>My problem is that I am an artist
>learning how to be a teacher - not the other way around.
This is a very good question well worth thinking about. I believe that successful artist-teachers know how to do things and make things, but art teachers are different from artists that are not teachers. Artists have learned that their artwork speaks for itself and their audience learns from their artwork. However, the viewer of artwork is generally not learning to be an artist. While most artists are teaching through their work, they are not necessarily teaching people to be artists.
Good artists realize that mystery makes their artwork stronger and more evocative. Good art teachers know that mystery is related to curiosity. We all know that evoking curiosity really helps learning.
Artists who are art teachers (as opposed to artists who are not art teachers) know how the value of withholding easy answers from their students (like good artists keeping mystery in their artwork). They know NOT to show their students the answers to common art production problems. Mystery is fun while learning art. They remember to help students set up experiments that help them discover their own answers to their own problems. Discoveries are more fun than being told easy answers while learning art. They have learned to use open questions that reassure students that they can answer their own questions because art has many answers. Teachers also understand how to motivate practice and ways to practice that help students gain skills. Teachers know how to set up practice routines that facilitate internalized learning.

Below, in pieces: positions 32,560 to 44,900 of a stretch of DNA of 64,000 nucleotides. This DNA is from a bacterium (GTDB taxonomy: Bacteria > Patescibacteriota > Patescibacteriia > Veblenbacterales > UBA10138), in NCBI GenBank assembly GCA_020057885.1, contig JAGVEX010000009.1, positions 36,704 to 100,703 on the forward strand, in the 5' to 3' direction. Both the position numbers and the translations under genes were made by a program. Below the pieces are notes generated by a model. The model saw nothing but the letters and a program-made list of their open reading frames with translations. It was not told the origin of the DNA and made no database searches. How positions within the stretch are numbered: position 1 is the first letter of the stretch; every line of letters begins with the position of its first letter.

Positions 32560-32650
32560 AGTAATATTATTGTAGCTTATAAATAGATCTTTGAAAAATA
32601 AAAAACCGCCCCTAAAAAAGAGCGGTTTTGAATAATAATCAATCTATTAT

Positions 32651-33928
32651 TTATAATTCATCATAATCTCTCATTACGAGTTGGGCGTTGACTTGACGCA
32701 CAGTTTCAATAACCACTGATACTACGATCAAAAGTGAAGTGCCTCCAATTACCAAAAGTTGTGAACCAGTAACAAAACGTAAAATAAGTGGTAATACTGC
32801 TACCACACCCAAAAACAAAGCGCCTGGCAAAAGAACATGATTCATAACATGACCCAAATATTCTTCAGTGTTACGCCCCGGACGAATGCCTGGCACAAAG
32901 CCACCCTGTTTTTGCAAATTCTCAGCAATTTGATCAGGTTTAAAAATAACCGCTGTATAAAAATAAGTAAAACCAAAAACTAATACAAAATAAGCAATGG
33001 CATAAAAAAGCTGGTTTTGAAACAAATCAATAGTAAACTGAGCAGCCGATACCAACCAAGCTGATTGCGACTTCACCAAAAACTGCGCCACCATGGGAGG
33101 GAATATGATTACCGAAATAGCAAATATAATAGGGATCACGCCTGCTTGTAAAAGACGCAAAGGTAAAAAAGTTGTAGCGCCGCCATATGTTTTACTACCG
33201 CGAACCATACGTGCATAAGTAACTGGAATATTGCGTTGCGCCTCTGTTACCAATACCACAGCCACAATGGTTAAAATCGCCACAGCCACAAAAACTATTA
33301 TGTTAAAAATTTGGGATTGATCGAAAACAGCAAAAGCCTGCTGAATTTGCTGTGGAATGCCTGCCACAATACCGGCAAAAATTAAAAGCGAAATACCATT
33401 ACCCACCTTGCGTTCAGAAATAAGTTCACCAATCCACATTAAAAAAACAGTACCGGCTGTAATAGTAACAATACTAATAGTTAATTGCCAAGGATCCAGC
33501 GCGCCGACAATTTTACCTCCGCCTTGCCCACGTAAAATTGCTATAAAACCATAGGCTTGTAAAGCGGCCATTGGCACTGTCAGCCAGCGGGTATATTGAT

Artists know how to draw, but art teachers know not to draw for their students to show them how to draw. We know not to show drawing formulas to teach actual seeing. We realize that we learn to draw everything when we learn how to observe from reality by learning how artists observe -- not by copying how they draw. Blind contour drawing is a way to practice learning to see better. Producing our own ways to remember (our own formulas) gives us permanent learning.
We learn to draw expressively by learning how artists think, feel, act, practice, and respond expressively to their own feelings -- not from copying another person's expression. Gesture drawing from observation would be an example. Multi-sensory motivation practice under the influence of opposite sensory stimuli would be an example of experiential learning to produce more expressive line character.
Some of the strongest revelations occur during learning moments. Learning moments occur when students feel an urge to learn and there is a means by which to discover it. Teachers and artists both understand this joy of revelation. Teachers understand how to produce mystery and when to withhold knowledge and when not to show something until the student wants to know something. Know this, teachers also know how to create situations so that students become curious and want to know something. Some of my best teachers often teased rather than showing. They often teased rather than answered. They got us curious. Then they gave us experiments by which we could teach ourselves. They gave us practice routines by which to perfect our skills. They knew the value of play in the ability to construct knowledge and skills.
When making art together, students learn the joy of relationships where this fun of mystery and fun of the game extends to learning from each other. Art teachers who have learned to allow knowledge construction by discovery and practice rather than by showing and telling will understand that teams can collaborate best if they learn to understand these ways of natural learning. In a team learning rubric an art teacher will ask for who is the best listener, who is the best at asking good questions, who is the best at drawing out the quiet ones on the team, and who is the best at teasing out the most creativity from others in the group.